Stalled Atlanta Project Shows Drawbacks of Equity Pools

A stalled effort to build housing for the poor in Atlanta points up the difficulties that banks may encounter with equity investment pools.

The pools, which take advantage of federal housing tax credits, have become popular among bankers in recent years as a way to fund multifamily housing developments for the poor. By backing such projects, banks can fulfill part of their obligations under the Community Reinvestment Act.

Corporate Funds Needed

But these programs depend heavily on contributions from corporations besides banks. If efforts founder, a bank's high public profile can prove a liability.

The Atlanta Equity Fund was created last year to invest $5 million for building multifamily housing on land owned by the city. Atlanta's major banks - Citizens and Southern Corp. (now part of C&S/Sovran Corp.), Sun Trust Banks Inc., Wachovia Corp., and Bank South Corp. - immediately pledged $250,000 each to the fund and went looking for other corporate sponsors.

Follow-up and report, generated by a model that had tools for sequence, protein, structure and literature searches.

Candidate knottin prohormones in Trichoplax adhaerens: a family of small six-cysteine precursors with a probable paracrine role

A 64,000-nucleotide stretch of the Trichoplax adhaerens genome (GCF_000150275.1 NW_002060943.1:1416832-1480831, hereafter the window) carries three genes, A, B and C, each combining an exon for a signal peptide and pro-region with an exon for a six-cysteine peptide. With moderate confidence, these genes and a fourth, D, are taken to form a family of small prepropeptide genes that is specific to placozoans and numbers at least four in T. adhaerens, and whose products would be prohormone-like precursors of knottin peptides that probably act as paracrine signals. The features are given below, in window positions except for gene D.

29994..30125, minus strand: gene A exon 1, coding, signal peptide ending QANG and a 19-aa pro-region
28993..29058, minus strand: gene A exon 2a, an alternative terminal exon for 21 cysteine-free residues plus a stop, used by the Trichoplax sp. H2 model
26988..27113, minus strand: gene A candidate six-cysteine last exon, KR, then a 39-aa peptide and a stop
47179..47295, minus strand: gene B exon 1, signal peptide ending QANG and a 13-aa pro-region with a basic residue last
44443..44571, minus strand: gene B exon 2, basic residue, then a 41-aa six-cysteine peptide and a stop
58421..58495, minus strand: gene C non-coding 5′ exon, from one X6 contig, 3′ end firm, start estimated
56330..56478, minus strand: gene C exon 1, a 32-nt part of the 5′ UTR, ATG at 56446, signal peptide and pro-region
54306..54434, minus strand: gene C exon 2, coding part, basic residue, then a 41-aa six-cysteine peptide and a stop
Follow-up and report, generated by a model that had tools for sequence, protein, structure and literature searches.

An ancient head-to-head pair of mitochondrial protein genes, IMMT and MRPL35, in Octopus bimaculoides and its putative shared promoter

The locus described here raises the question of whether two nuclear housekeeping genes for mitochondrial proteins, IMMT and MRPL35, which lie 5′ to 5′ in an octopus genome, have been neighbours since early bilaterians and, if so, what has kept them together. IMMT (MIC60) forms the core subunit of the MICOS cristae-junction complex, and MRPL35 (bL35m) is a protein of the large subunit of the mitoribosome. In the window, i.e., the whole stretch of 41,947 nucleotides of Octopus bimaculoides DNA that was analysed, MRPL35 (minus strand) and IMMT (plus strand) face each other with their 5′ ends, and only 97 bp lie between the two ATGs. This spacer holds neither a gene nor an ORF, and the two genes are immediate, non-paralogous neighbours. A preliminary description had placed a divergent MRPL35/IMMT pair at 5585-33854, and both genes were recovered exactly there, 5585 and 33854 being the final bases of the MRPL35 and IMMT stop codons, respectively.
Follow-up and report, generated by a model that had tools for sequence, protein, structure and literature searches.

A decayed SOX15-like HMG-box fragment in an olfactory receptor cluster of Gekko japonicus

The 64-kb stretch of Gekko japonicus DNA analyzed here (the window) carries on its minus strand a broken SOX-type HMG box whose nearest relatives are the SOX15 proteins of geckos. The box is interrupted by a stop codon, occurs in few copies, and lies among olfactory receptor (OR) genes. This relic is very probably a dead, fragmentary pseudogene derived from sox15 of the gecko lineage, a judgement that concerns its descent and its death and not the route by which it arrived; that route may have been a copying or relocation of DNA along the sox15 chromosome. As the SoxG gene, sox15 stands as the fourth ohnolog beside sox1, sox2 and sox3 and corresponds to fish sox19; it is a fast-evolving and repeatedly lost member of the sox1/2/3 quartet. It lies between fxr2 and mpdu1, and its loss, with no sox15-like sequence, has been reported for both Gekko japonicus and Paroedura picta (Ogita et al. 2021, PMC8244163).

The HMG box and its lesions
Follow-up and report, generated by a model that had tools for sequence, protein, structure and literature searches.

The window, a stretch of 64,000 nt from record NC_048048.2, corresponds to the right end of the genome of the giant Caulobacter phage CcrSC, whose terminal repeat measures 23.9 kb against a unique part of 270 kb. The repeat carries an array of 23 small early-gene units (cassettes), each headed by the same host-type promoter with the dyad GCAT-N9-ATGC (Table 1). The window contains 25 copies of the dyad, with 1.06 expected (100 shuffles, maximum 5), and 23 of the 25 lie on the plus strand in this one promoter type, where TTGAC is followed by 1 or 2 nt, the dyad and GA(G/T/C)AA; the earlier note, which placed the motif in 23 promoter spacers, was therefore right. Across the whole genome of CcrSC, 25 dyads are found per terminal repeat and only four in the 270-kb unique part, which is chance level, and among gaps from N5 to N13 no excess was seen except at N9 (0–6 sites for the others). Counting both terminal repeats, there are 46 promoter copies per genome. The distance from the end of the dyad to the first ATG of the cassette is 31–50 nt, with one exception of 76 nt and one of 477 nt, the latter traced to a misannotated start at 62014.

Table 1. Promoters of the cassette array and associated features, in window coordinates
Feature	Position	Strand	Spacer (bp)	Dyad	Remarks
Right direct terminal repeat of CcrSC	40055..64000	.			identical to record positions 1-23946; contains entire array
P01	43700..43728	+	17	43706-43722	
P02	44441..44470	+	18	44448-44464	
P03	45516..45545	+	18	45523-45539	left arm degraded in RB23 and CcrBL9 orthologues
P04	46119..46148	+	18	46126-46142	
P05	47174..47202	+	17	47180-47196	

A year later, having raised only $1.5 million, the Equity Fund is being reorganized under the newly formed Atlanta Neighborhood Development Partnership. A committee of the organization, largely composed of bankers, will attempt to enlist the corporate support that has heretofore been lacking.

"It looks like it's moving slow, but I think it will be revived," said James C. Mynatt, first vice president at Sun Trust's Georgia subsidiary.

Atlanta's effort appears especially weak when compared to Chicago's, where an equity fund with 37 corporate contributors has raised $40 million since 1985 and completed $145 million in financing to build 3,000 housing units.

Atlanta bankers downplay their role in the Equity Fund. "The banks really want everybody to understand that this is a corporate effort, not just a bank effort," said John G. Bragg, vice president and CRA operations officer with Wachovia.

Sales Effort Questioned

Theories vary as to why Atlanta businesses were slow to support the Equity Fund. Some critics charge the banks with mounting a poor sales effort.

Bankers say the current recession, which has put earnings under pressure, has clearly made companies more cautious about contributing to new philanthropic ventures. Federal tax credits are of no use unless they can be applied to earnings.

"A lot of the corporations already do a lot for the community and this is just something heaped on. Maybe they're not ready to jump into something else," Mr. Bragg said.

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